Kila School Asks Voters to Approve Expansion Bond

Amid growing classes and shifting student needs, the rural school district says it has outgrown its campus and is in need of infrastructure and safety updates

By Denali Sagner
Kila School on Feb. 7, 2024. Hunter D’Antuono | Flathead Beacon

Voters in Kila will be asked to approve an $8 million bond in April to expand the Kila School as the rural school district has outgrown its building amid rising student enrollment.

The Kila School is a public elementary and middle school that serves kindergarten through eighth grade students in western Flathead County. The district boundaries reach from Kila down to Montana Highway 28 and the border with Lake County, and west past the Hubbart Reservoir. The district last fall enrolled 173 students.

Educators and school board members say that the district’s outdated infrastructure has made it difficult for teachers to address growing class sizes and school safety needs. The school, which sits off of Kila Road, is comprised of three separate, unconnected buildings that house classrooms, a main office, a gym/cafeteria space and two student bathrooms. On a regular school day, hallways double as storage areas; speech language therapists, school counselors and reading specialists share one room; and the cafeteria staff works to serve students in multiple shifts in order to make sure every child gets fed. 

As the district has attempted to keep up with new students and address rising concerns over security and specialized learning, the need for an updated building has become increasingly clear, local stakeholders said.

A kindergarten classroom at Kila School on Feb. 7, 2024. Hunter D’Antuono | Flathead Beacon

“We need classrooms, we need bathrooms, we need to address some security concerns, and we have quite a bit of congestion in our parking lot and alongside our road,” school board chair Amanda Chin said.

Chin explained that growing class sizes have put pressure on everything from bathroom usage to special services. Currently, there is one bathroom stall and one urinal for all of the district’s male students in fourth through eighth grades, meaning 55 students are forced to share one bathroom throughout the school day. The male student bathroom doubles as a custodial closet, further complicating when students can use the facility. For female students, all 40 fourth through eighth graders must share a two-stall bathroom.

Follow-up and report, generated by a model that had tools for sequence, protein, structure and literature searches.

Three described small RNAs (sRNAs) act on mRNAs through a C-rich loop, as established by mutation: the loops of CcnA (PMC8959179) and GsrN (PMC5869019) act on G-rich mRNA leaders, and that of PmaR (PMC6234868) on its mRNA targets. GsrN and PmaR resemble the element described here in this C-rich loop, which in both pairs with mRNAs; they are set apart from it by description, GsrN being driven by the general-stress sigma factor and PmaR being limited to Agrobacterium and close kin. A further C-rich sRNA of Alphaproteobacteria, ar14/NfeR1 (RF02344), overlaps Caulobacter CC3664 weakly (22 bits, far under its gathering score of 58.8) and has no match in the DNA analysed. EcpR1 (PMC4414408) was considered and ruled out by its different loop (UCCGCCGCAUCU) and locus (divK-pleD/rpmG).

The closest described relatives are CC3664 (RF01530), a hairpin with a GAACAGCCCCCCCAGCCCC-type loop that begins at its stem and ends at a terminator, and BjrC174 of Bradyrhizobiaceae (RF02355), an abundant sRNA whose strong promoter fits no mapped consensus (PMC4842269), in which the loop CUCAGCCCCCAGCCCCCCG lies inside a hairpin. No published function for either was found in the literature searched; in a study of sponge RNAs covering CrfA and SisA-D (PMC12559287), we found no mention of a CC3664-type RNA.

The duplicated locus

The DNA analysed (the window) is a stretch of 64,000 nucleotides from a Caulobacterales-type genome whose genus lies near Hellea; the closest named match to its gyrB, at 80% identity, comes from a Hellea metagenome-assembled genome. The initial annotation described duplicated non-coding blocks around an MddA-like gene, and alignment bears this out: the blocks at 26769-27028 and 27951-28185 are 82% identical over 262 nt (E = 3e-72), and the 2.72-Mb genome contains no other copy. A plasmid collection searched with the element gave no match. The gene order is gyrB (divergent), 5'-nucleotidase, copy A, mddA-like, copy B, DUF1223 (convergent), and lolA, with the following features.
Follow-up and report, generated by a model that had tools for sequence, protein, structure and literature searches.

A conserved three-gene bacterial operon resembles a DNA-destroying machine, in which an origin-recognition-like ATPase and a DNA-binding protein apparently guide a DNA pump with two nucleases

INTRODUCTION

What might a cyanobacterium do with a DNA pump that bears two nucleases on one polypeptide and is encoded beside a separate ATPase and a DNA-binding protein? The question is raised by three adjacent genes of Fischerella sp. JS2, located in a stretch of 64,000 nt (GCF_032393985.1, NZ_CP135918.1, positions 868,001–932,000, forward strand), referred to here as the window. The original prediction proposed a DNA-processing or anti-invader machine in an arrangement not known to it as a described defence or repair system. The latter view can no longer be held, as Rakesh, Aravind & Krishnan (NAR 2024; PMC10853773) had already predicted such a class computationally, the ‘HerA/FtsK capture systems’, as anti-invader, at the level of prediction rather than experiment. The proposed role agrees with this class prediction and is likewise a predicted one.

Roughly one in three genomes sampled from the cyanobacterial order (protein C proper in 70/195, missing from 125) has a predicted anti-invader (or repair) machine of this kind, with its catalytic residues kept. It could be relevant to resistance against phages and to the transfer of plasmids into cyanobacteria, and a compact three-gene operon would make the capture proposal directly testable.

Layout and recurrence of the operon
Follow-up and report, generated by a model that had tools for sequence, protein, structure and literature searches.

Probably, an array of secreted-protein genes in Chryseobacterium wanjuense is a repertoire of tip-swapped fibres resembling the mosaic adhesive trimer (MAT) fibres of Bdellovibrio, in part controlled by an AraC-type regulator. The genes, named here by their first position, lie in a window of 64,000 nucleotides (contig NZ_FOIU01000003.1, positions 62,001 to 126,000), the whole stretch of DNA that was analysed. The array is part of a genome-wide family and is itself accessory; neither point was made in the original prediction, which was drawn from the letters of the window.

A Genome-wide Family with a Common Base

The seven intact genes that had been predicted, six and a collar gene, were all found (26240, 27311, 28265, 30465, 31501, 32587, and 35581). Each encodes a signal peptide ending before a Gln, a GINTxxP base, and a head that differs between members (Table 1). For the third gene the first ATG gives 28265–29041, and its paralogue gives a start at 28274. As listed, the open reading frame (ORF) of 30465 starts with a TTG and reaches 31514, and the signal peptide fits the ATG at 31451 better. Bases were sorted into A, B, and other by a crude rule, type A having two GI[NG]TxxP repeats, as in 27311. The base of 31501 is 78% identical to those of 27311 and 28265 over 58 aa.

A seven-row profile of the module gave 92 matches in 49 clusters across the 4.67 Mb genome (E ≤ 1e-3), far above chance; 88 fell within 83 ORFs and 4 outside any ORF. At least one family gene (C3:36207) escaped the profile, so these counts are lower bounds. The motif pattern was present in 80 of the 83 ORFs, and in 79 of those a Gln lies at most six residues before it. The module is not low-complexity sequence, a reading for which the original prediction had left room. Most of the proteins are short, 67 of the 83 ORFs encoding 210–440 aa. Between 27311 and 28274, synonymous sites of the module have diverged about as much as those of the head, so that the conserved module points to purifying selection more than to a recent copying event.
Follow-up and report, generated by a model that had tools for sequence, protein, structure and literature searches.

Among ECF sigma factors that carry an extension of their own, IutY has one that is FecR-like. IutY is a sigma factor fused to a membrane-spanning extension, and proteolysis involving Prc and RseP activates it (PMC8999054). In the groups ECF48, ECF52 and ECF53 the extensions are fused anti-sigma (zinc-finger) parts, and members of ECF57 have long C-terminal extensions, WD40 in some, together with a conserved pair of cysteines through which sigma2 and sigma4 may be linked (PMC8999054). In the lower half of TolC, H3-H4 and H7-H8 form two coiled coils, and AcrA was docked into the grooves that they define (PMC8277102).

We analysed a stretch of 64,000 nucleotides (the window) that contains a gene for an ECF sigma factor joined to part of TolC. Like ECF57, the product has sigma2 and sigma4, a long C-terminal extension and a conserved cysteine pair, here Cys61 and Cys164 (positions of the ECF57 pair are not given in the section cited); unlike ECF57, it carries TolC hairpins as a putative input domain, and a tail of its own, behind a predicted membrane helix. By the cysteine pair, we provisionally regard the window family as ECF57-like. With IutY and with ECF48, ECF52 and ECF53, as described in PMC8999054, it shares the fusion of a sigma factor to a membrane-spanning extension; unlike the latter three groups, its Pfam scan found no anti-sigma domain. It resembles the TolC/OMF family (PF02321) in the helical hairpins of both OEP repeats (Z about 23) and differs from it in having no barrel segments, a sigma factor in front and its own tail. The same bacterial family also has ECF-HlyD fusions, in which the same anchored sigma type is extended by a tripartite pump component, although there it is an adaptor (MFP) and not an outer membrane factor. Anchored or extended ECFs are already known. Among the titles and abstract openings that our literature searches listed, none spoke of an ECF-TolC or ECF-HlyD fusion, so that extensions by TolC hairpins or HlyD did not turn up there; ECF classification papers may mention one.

Though a small feature of the school day, Chin said the bathroom issue encapsulates pressures on the Kila School that have made it difficult for students to learn.

“I think that the kids do get frustrated with that,” Kila School Principal Shannon Marshall said. “There’s only a certain amount of time in your passing period in middle school, and when there’s only a limited number of bathrooms, not everybody has the chance to go. That’s a definitely a challenge for them.”

The proposed bond will be used to add classrooms, bathrooms and a multi-purpose space to the middle school building; will create a student drop-off and pick-up loop with short-term parking spaces to alleviate congestion on Kila Road; and will enhance safety by erecting a protected main entrance and adding a fence around the school.

The Kila School playground on Feb. 7, 2024. Hunter D’Antuono | Flathead Beacon

Marshall said that the Kila campus allows for lapses in security that have become increasingly concerning for parents. While many schools have a secure entryway where office staff can vet visitors, the fragmented nature of the Kila School building doesn’t allow for such a screening process. Visitors are expected to sign in when entering the administrative building, but without a secure entryway, it’s difficult to stop an unwanted visitor from roaming the halls. Students are also required to walk outdoors to get from classrooms to the cafeteria or gym, and vice versa.

The school expansion would create a secure entryway for office staff to screen visitors and would include the construction of a fence around the perimeter of the school.

Beyond safety and security concerns, Chin and Marshall said that teachers’ jobs have become more difficult in the post-pandemic landscape, making it even more critical that they have the space to teach their students.